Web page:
Christ is the ideal of life. All of life is divine in Christ. All of it, and we saw how this begins the very first moment of the construction of your life. That first moment is when you begin to look at the world. There’s a great cartoon from The New Yorker, a man and woman coming from the hospital, all the people around, etc, and suddenly the caption: the father tells the baby, “Look, Harry, the world!” Harry’s life as Harry began there; when he began to look at the world. That is what first defines the “I.” It is a way of looking. And that is why the reality of virginity so moves and attracts us as it did in an unexpected way this weekend, because virginity is first and above all the way of looking at the world. The event, the concern, creates our virginity outside of it. There is no real virginity. It is a way of looking, judging, and setting up; the way of sympathy we saw, of gratuitousness, of grace–those accents of the new morality. All becomes new, as I look at it in a new way, as the stage, the setting for the revelation of this face that we long to see. The biggest horror, the biggest danger at this point is that what may begin to happen is that you draw a line and part of you accepts the old world as it is, as it was constructed not by you as a response to this concern, but by others, by the system. You accept this, play according to its rules, believe its promises, and Christ is whatever else is left; He has nothing to do with the structuring of the world. The concern is totalizing, and will determine the way you look at your university, its standards and requirements, the economic structures that will so much affect you lives. It is the way of looking that forms who you are. If that doesn’t change, we’re at an earlier stage. How do we overcome this temptation? The same way we overcome all the others: by strengthening our following of the companionship. One of us may waver and the other one will remind us, as happened during the war. And the struggle of many of us, who had such different opinions, came together around a judgment that had as a point of departure the concern that has brought us together and the study and work that it required to understand this point of departure. We may or may not have succeeded, but we stayed with it, we understood that the event, the concern of Christ, does create a new way of looking. You cannot keep the old ways. Christ is the beginning, the present, the future: all in all. He is the ideal of life, of all life.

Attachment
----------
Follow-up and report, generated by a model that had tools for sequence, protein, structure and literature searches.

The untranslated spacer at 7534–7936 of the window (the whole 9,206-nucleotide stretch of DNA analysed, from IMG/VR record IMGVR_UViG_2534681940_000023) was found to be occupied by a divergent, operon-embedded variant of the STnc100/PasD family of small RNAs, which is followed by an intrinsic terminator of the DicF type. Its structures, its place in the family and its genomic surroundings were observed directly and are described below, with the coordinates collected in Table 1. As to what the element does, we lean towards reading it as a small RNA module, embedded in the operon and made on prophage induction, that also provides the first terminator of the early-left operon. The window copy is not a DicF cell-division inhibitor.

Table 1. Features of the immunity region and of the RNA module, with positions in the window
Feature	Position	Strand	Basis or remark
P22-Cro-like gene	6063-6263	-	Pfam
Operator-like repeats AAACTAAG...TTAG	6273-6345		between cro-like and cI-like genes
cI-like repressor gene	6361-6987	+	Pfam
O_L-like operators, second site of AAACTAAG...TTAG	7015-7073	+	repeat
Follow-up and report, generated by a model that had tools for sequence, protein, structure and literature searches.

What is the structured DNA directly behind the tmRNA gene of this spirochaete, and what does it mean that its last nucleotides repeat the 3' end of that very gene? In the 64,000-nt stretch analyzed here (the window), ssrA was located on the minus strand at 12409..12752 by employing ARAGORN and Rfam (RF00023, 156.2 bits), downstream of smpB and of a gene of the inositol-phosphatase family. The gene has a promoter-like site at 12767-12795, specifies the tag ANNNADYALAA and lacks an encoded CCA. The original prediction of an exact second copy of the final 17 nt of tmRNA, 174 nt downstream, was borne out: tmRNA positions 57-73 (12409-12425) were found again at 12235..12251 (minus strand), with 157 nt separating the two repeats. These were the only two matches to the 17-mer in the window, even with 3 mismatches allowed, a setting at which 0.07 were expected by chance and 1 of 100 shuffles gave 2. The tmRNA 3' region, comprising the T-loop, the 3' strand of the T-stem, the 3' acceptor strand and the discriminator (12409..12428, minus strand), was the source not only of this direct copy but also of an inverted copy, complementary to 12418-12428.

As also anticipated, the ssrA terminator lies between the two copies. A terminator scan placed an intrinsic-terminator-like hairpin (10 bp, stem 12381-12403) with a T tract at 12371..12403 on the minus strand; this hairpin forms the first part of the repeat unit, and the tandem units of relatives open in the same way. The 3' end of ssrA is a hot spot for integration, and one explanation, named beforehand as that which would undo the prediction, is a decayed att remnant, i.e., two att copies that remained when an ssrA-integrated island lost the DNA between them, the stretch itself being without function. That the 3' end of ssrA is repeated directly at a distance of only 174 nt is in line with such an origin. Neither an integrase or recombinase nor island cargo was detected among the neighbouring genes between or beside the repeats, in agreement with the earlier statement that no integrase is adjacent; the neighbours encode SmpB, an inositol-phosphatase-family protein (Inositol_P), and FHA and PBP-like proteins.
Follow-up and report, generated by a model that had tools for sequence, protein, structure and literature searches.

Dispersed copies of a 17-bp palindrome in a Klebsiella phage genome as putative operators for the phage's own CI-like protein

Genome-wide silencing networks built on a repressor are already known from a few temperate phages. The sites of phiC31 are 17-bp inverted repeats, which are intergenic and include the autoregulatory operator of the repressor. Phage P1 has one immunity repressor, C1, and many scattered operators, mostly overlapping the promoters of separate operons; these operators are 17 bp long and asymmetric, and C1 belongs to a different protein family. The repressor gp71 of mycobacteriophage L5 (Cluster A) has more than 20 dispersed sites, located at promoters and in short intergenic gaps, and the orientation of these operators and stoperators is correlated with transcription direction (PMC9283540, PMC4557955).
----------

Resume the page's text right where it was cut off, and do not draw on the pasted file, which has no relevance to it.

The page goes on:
(Transcript of notes not reviewed by the author)